Simple Cold Process Soap Making

Some of you may recall how I have written before about living with allergies, especially my allergy to scents. My husband and I found a nice castille soap in the USA that I could use without setting my allergies off. It was available in the Walmart in the USA. Each year, I would stock up on our trip south to have enough until we could make it south again. We hit a sale on our last trip home in 2019 and I bought the place out. This year, for the second year, there is just no going south and my stock of scent free no allergic reaction soap was rapidly diminishing. Since I also used the soap to make my laundry detergent it was a double problem.

I tried finding my soap on line and in the grocery stores here. As it turned out, I could buy my soap from Amazon but only for an astonishing $15/bar. (Gasp!) So I started looking into making my own. I watched several videos on line and I searched for recipes. The simplest of all soaps is a cold processed three ingredient castille soap made with olive oil. That was also really close to the simple castille soap I was already using. I started with that.

I found a perfect recipe from Lovely Green. Goodness I just love her lovely site. Simple easy clear directions for a small batch of the easiest soap. It was absolutely perfect for a beginner like me. I ordered the molds for six bars she recommends. I picked up some lye flakes from our local hardware store. I also purchased a hand held mixer of the type she recommends. (I actually found one made in Romania, not China!)

I made the first batch outside and it went smoothly and easily. After about a half an hour I had six bars of pure castille soap with 100% olive oil. After 48 hours they had hardened enough to remove from the bars and set to finish drying in the basement. Now the bars have to sit for 28 days so I figured I would keep trying some other recipes and see which one I liked.

I next tried making a 70% olive oil and 30% canola oil. Canola is the cheapest oil around here and being a geneticist I understand its reputation for being a GMO is both untrue and not horrid even if it was. If I could cut the olive oil then I would have a soap that was a lot cheaper and made from something we grow locally.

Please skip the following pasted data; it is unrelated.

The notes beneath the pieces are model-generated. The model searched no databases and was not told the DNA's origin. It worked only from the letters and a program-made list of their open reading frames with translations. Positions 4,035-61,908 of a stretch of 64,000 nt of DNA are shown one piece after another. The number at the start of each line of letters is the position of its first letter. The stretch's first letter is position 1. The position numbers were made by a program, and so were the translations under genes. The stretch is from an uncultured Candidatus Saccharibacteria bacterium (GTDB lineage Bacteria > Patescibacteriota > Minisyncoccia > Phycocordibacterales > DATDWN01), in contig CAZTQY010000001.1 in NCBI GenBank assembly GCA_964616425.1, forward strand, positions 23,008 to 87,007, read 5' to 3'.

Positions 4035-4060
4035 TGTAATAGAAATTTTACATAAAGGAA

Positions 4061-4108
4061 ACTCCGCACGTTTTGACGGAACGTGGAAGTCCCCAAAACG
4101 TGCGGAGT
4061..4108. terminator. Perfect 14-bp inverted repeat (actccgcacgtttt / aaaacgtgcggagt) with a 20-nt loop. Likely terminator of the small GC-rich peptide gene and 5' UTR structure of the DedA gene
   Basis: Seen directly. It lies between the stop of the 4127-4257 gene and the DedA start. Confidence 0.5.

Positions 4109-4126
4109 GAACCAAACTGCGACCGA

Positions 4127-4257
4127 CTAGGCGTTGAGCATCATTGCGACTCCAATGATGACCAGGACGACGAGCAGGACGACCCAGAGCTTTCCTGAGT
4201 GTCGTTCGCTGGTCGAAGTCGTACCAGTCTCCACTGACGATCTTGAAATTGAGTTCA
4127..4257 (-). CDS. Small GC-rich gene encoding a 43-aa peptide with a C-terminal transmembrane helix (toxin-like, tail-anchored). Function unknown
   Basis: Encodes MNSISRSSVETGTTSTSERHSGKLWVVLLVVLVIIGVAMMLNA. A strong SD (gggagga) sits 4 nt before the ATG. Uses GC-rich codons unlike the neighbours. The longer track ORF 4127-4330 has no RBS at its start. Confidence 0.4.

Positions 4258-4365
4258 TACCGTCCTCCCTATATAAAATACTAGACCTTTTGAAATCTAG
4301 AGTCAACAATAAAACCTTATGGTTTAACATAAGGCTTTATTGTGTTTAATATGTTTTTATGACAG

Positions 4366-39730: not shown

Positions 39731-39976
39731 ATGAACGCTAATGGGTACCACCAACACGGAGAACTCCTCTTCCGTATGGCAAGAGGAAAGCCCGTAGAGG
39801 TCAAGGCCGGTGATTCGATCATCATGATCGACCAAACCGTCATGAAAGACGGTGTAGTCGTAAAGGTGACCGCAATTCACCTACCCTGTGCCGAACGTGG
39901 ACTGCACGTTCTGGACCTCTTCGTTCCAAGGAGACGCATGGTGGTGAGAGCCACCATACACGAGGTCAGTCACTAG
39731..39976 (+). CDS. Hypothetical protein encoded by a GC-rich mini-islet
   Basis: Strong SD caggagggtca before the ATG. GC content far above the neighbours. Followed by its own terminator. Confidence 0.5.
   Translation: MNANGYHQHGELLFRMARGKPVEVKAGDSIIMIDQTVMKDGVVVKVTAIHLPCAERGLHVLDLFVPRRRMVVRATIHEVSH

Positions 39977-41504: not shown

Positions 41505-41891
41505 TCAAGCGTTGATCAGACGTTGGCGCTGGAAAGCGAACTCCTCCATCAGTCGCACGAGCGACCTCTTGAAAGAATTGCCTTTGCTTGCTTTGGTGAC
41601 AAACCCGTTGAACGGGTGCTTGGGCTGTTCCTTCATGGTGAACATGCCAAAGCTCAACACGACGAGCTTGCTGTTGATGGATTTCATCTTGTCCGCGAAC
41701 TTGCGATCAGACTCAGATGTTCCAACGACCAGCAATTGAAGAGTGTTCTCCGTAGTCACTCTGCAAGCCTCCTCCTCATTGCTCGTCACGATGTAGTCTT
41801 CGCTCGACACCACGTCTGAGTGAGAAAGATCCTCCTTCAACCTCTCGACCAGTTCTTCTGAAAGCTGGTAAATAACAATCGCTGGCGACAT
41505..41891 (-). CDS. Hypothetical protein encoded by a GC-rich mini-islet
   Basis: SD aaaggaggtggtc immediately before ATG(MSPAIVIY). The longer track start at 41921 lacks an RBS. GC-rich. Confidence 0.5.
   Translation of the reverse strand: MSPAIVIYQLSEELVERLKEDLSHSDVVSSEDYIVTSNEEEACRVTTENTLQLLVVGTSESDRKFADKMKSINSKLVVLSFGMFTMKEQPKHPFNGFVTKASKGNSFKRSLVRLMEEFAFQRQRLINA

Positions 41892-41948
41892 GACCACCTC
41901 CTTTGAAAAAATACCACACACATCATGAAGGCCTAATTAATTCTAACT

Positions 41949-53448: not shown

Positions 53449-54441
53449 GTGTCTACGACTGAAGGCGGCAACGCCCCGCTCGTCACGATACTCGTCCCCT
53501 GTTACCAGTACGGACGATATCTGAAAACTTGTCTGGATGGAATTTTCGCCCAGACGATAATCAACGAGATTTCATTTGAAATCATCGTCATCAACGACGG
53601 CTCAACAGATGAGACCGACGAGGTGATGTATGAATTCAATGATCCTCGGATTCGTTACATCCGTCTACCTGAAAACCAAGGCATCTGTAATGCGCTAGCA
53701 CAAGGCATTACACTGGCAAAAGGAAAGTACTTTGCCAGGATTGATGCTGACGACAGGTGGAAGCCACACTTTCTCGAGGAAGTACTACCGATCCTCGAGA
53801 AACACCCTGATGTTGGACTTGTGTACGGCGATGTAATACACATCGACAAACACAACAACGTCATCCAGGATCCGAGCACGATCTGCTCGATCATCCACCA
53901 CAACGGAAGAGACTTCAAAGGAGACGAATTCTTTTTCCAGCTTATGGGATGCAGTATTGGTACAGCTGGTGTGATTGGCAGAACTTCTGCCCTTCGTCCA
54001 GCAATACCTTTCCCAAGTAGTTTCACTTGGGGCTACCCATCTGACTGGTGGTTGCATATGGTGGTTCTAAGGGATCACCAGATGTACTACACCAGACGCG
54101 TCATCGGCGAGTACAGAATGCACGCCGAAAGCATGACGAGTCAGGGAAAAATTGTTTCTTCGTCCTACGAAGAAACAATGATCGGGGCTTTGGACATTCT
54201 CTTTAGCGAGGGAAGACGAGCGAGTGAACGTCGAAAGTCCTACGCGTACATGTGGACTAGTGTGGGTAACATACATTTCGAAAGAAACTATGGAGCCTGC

My third batch was 100% coconut oil. I overheated the oil and got a “volcano” effect which was startling but after it settled the bars seemed like they would be usable anyway. I knew better for batch #4 which was 50% coconut and 50% olive oil. I rounded that off with a final batch of 70% coconut oil and 30% canola.

I ended up with five batches of six bars each. The coconut/canola was the softest and it took five days before I could remove it from the mold. Now I just have to wait until the drying/aging time is finished and try the soaps out. I can hardly wait!

Except for dissolving the lye in water, I found the soap making much easier than say, making bread. I wore all the proper safety equipment and handled the lye with extreme care and I had no trouble. The bars feel lovely and I can put them up to my nose and smell them without the tickling and running. I can hardly wait to try them. Once I decide on a base soap I like, I will try adding things I know I am not allergic too, like peppermint or maybe a pure orange for a bit of scent. Or maybe not. Maybe I’ll just enjoy the pure simple soaps. I also want to try making soap in pretty little rose bud molds or maybe even fun shapes like animals. I loved shaped soap when I was a little girl. Do any of you recall Fuzzy Wuzzy Bear Soap from Avon? I sure do.

And making my own soap was not just about a pure soap that didn’t set off my allergies. It was FUN!

If you decide you might like to try soap making I heartily recommend the recipes from Lovely Green for your first foray. They’re lovely!

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